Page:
Resolution time? Make finances your first priority

Kat Hnatyshyn

Kat Hnatyshyn

Work out, quit smoking, eat better, travel more: these resolutions, along with “better manage your finances”, are some of the most popular New Year’s resolutions. Making resolutions is the easy part, but sticking to them is always a challenge.

While some people might think New Years Resolutions are unnecessary, we better keep them for some, especially those involving checking and savings accounts. Check out my recommendations for financial resolutions that you can and should keep this year. These will definitely be much easier to follow than a new workout and a strict diet.

Rainy day

Whenever someone asks me for financial advice, I usually respond with a question: do you have an emergency fund? Far too many people don’t, and they usually don’t have a good answer to my second question either: why not?

If you don’t have one, start the new year by setting up a rainy or emergency day savings fund. Even if you start with just $ 5 in savings on each paycheck, it’s better to have something than nothing. I generally recommend having $ 1,000 in your emergency fund initially – and trying to keep at least $ 1,000 in that account at all times.

Ideally, you want to work to have six months of living expenses in some type of cash account. This will help you if you have anything from a car problem to a medical emergency.

Face your debt

Once you’ve established an emergency fund, it’s time to take note of your debts. Whether it’s credit card debt, student loans, or a mortgage, your debt won’t go down if you ignore it.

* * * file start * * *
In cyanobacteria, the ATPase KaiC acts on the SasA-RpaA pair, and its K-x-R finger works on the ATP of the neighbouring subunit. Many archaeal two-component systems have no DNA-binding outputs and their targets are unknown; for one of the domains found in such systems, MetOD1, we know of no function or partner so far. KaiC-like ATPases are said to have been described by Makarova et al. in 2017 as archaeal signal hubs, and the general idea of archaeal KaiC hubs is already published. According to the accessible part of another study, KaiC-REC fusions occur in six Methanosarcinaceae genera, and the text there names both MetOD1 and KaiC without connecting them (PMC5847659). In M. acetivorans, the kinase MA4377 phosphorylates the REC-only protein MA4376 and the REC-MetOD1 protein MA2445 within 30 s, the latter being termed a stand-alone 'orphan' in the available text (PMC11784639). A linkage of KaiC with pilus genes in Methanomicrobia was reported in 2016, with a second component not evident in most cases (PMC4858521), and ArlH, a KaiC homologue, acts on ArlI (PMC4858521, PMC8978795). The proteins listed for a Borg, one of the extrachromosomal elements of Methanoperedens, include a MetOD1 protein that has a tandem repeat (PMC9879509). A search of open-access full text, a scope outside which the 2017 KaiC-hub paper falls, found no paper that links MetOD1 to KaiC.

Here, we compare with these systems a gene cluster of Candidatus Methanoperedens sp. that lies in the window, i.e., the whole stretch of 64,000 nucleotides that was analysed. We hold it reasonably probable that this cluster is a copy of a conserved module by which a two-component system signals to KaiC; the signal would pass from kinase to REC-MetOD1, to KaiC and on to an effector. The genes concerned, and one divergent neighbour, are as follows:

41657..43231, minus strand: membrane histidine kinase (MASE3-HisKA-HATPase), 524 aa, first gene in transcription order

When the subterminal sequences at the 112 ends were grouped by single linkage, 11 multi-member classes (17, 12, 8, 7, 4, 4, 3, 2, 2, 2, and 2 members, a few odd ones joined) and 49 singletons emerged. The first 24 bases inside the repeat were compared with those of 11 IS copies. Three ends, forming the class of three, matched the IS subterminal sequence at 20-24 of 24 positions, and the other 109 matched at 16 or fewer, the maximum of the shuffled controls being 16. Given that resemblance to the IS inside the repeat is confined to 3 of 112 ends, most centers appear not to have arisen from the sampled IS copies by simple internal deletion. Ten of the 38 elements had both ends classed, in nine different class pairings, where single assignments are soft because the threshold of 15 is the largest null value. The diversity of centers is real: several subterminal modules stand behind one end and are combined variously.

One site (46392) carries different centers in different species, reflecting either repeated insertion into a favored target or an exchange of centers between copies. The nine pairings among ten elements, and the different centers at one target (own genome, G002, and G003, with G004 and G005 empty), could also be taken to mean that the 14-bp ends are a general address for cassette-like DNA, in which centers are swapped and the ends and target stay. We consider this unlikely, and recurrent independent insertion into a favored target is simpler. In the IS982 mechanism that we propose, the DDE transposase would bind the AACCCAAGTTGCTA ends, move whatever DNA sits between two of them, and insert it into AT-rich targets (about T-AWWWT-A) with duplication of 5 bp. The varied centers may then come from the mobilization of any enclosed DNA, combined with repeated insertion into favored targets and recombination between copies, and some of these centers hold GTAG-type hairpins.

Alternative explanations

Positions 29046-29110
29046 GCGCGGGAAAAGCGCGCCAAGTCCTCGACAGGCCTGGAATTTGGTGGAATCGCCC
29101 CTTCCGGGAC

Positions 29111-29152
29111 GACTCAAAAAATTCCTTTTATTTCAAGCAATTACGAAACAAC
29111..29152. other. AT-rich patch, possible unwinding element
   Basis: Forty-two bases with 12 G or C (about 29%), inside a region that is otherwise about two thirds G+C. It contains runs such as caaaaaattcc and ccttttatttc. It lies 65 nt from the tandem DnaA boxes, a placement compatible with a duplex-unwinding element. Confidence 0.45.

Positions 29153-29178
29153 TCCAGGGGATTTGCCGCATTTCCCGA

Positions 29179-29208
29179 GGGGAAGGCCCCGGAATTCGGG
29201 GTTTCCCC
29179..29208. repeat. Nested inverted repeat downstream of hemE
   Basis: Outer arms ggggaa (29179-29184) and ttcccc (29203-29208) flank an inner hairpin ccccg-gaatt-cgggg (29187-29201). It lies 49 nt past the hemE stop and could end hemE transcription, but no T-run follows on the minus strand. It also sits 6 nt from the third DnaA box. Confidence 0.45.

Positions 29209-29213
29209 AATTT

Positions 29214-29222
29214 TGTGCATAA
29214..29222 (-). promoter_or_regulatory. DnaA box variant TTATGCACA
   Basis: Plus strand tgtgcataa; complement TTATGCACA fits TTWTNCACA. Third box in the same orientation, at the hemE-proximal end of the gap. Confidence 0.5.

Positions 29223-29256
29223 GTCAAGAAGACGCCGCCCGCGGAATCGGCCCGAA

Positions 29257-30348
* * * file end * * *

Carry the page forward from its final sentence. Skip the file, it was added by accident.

Look for ways to pay it off faster. Try cutting cable and streaming services or restricting your nights out on the town. Small changes in your lifestyle and the money you save by making those adjustments can make a huge difference in the amount of interest you ultimately pay over the life of your loans. If you can challenge yourself to change your routine now and cut back where you can, you’ll thank yourself in a year.

Make a new friend

Start the year by meeting with a financial planner. An annual meeting to make sure you are on track with your finances is a must. If you’ve never met a financial planner, it’s never too late to start. Also look for someone who has experience in investing, as this will help you envision long term savings and hopefully motivate you to start planning for your future. For as little as $ 50 in monthly contribution, you can start investing for your retirement. It is a resolution that you will be very happy to have kept.

Kat’s Money Corner is posted on Dollars & Sense every Tuesday. Kat Hnatyshyn, when not blogging or looking after her little ones, is the director of CommunityAmerica Credit Union. For more financial discussions, visit http://communityamerica.com.

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